Woolf argued that, as women, we must ‘think back through our mothers’, indicating the need for a strong female tradition in art and literature to rival that of the male tradition. The exhibition offers a way to do this. Judy Chicago’s setting for Woolf from her famous work The Dinner Party (1978) offers a feminist approach to thinking about female creativity and sexuality, while other exhibits such as Claude Cahun’s fascinating photographic self-portraits explore multiple selves and aspects of gender which seem to echo Woolf’s Orlando. Gluck’s marvellous landscapes, meanwhile, so low and with so much sky, position the woman in the landscape itself. The many contradictions of social, personal and cultural constructions of womanhood are explored in their glorious, confusing multiplicity: women both is and isn’t a part of ‘nature’, for example; womanhood means many things and both is and isn’t an ‘essence’. Women are not necessarily mothers, or nurturing, but what we learn is that women are creative, and perhaps all the more so when this is against the odds. Perhaps women’s work looks different when it is not displayed alongside often larger and showier masculine artworks (although some of these are larger and showier, too!) but in some ways I left feeling that gender is perhaps less important to art than I thought: there are some wonderful works here, demonstrating female excellence in a range of media, and though the public and private faces of womanhood are central to many of them, they are not the only thing that matters.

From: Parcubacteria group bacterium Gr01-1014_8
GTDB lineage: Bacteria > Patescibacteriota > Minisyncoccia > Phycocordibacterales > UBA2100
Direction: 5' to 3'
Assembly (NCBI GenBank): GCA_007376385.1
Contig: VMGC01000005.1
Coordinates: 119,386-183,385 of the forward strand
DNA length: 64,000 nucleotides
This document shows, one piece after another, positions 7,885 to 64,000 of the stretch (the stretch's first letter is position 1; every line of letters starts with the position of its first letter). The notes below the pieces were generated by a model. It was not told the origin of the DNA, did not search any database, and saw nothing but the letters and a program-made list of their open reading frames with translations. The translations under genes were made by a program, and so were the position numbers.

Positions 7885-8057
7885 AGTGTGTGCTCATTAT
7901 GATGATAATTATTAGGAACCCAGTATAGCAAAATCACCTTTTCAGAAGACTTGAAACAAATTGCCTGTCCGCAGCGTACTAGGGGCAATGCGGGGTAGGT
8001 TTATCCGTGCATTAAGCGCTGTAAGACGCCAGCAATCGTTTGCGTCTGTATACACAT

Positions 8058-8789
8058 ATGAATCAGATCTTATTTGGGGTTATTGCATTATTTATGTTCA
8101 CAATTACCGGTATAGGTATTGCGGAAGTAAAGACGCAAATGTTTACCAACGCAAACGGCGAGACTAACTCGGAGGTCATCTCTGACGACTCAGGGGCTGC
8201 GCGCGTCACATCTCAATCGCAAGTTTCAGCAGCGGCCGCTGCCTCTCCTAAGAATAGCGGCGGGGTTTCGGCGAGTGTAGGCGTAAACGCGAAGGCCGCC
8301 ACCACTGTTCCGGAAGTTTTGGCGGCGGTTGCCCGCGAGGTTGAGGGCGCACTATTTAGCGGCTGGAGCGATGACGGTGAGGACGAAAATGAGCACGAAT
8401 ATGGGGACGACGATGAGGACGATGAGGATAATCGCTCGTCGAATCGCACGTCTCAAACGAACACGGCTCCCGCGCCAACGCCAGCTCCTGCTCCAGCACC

Gluck, Before the races, St Buryan, Cornwall (1924, private collection)



Laura Knight Portraits

264lk_selfportraitAt the moment the National Portrait Gallery has an exhibition of Laura Knight’s portraits.  There have been quite a few Laura Knight exhibitions over the last few years, including Laura Knight in the Open Air and Laura Knight at the Theatre, plus appearances in Cornish Childhoods, Women War Artists and The Magic of a Line. This exhibition is somewhat different, since it only features portraits, usually of named figures. These portraits, as the exhibition notes point out, are “in the realist, figurative tradition”, demonstrating her “distinctive” approach to portraiture, “bold and compassionate” and “reflecting her experience of modern Britain”. Though these descriptions seem to contain a lot of buzzwords, in fact I tend to agree: there is a remarkable modern colour and life about Knight’s portraits. Still, I have seen several reviews of the exhibition which suggest that Knight’s approach was rather old-fashioned even at the time – that her contemporaries were experimenting with modernism and other isms, which make her recognisable approach seem rather regressive. Looking at this exhibition, I don’t agree. While her work is infrequently experimental, her empathy with her subjects and her expressiveness of style makes her work always interesting, and after all she was hardly the only successful painter not to embrace the art movements of the twentieth century.